While Trump has promised major tax reform, it’s doubtful that donors will expect significant changes to the tax code to be enacted and go into effect in 2017. Therefore, it’s equally doubtful that major donors will shift 2017 giving into 2016.

Given that the 2016 election was unusual in many ways, it is certainly possible that year-end giving will deviate from the historical norm. For example, the stock market reached a record level following the election. If stock values continue to grow, we could see an increase in year-end gifts of appreciated securities. However, regarding overall philanthropy, I think the smart bet is on history.

Giving to Individual Charities:

It is very likely that certain individual charities will see an uptick in donations as a result of the election outcome.

Many years ago, Richard Viguerie, a pioneer of conservative direct response fundraising and Chairman of ConservativeHQ.com, said that people would rather fight against something than for something. We’ve seen it before; we’re seeing it now.

For example, when Obama was elected, the National Rifle Association received significantly more contributions as some feared that the new president would impose more stringent gun control measures.

Now, Kari Paul, of MarketWatch, reports:

A number of charitable organizations are seeing an unprecedented rise in donations following the elections on Tuesday. The Sierra Club said by the end of the day on Friday it had added more monthly donors in the three days since the election than it had in all of 2015.”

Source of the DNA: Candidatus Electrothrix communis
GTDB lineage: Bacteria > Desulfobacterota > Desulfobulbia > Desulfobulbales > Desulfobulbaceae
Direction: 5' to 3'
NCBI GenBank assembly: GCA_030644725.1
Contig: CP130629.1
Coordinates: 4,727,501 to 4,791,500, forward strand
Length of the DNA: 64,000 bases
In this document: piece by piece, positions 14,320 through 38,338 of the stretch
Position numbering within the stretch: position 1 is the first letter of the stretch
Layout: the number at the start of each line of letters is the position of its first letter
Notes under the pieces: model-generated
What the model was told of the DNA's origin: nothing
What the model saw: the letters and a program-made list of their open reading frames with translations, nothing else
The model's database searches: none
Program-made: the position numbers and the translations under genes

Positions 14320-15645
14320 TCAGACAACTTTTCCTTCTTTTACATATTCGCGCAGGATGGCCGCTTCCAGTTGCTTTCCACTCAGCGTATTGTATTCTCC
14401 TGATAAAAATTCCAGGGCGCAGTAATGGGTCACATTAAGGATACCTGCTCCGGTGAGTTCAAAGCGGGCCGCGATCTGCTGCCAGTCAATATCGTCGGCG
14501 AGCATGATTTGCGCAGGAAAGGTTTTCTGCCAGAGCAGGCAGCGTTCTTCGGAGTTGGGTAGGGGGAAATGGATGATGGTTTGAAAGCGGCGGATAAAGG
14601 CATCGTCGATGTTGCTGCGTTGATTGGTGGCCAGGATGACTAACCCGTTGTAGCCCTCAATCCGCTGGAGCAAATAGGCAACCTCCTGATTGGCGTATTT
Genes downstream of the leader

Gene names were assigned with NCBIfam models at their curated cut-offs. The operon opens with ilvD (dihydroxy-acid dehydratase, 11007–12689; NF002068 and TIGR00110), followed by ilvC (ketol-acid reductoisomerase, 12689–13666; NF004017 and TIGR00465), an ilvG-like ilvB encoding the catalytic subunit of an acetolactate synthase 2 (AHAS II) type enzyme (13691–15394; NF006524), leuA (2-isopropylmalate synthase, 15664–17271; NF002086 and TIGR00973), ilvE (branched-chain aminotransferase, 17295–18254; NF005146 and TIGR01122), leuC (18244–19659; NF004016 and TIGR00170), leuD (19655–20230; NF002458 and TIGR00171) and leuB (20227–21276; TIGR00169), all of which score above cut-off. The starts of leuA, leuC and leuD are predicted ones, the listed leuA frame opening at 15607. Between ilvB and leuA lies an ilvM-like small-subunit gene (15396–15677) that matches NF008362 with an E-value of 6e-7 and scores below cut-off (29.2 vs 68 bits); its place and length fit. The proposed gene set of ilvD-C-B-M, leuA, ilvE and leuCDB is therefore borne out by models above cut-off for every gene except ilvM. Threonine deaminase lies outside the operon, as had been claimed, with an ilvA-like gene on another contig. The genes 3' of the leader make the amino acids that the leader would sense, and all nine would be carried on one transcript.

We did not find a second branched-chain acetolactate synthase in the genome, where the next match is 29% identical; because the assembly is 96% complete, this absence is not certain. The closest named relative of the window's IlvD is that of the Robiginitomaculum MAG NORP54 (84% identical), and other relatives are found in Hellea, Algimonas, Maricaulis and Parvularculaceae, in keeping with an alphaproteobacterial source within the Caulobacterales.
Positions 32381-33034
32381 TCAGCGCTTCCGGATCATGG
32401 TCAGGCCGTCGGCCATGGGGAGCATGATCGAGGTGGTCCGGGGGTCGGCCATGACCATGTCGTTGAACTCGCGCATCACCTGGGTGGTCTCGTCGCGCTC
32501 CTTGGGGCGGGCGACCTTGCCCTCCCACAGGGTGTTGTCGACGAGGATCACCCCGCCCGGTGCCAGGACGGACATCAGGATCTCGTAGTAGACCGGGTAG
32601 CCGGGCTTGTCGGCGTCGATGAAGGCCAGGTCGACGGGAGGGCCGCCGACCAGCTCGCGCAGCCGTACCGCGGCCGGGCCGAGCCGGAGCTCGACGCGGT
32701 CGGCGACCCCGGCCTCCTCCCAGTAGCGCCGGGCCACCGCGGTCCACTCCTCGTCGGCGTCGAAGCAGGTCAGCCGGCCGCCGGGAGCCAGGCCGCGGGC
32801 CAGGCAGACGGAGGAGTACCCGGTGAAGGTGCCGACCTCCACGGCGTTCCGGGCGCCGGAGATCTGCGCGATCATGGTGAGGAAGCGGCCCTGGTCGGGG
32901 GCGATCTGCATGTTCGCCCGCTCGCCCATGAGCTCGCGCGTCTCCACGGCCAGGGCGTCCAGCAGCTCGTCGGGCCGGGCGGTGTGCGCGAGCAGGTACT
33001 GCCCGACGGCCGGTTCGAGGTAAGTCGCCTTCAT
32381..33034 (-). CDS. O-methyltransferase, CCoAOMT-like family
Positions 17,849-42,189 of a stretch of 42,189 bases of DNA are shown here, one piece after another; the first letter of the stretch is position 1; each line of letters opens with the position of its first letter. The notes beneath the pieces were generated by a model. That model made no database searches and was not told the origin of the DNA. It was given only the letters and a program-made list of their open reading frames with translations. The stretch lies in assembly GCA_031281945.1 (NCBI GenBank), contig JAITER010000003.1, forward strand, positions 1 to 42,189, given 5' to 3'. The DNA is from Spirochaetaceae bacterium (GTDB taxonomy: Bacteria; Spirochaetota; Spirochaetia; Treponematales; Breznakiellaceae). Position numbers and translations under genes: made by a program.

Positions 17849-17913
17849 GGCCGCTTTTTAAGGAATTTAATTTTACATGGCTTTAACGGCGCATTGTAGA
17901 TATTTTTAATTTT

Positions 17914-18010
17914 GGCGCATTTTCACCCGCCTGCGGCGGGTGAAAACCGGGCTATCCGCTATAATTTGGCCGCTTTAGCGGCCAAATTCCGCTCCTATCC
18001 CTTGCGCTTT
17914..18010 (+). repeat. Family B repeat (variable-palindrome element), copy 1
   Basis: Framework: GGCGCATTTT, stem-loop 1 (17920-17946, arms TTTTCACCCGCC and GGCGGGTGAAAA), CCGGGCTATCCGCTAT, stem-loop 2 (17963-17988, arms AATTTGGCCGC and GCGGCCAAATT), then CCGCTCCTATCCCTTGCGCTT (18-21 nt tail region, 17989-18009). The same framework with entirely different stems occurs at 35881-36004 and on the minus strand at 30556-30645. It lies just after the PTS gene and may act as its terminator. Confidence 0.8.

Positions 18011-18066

Paul also reported that Planned Parenthood, the NAACP, and the ACLU also experienced a significant uptick in philanthropic support. For example, in just the five days following the election, the ACLU raised over $7 million from 120,000 donors.

In other words, it’s safe to assume that some left-of-center charities will find it easier to raise money and will raise significantly more money because of Trump’s victory. Conversely, some right-of-center charities may find it more challenging to raise money now that Republicans will be solidly in-charge of all three branches of the federal government.

Big Charities v. Small Charities:

While large charities, such as those I’ve already mentioned, will likely benefit from the current political environment, it’s unclear what the impact will be for small organizations. It is possible that large organizations, with their vastly larger budgets and staff resources along with greater brand identities, will siphon donations away from smaller organizations with similar missions.

In other words, while some large left-of-center charities will experience philanthropic growth, smaller left-of-center charities might not find it as easy to raise more money.

Long-term Effect:

Beyond the short-term, the effect of the Trump Administration on the nonprofit sector will be a result of his policies on the budget and the economy. If, under a Trump Administration, the government significantly cuts funding of charities (e.g., Planned Parenthood), this could significantly affect certain charities.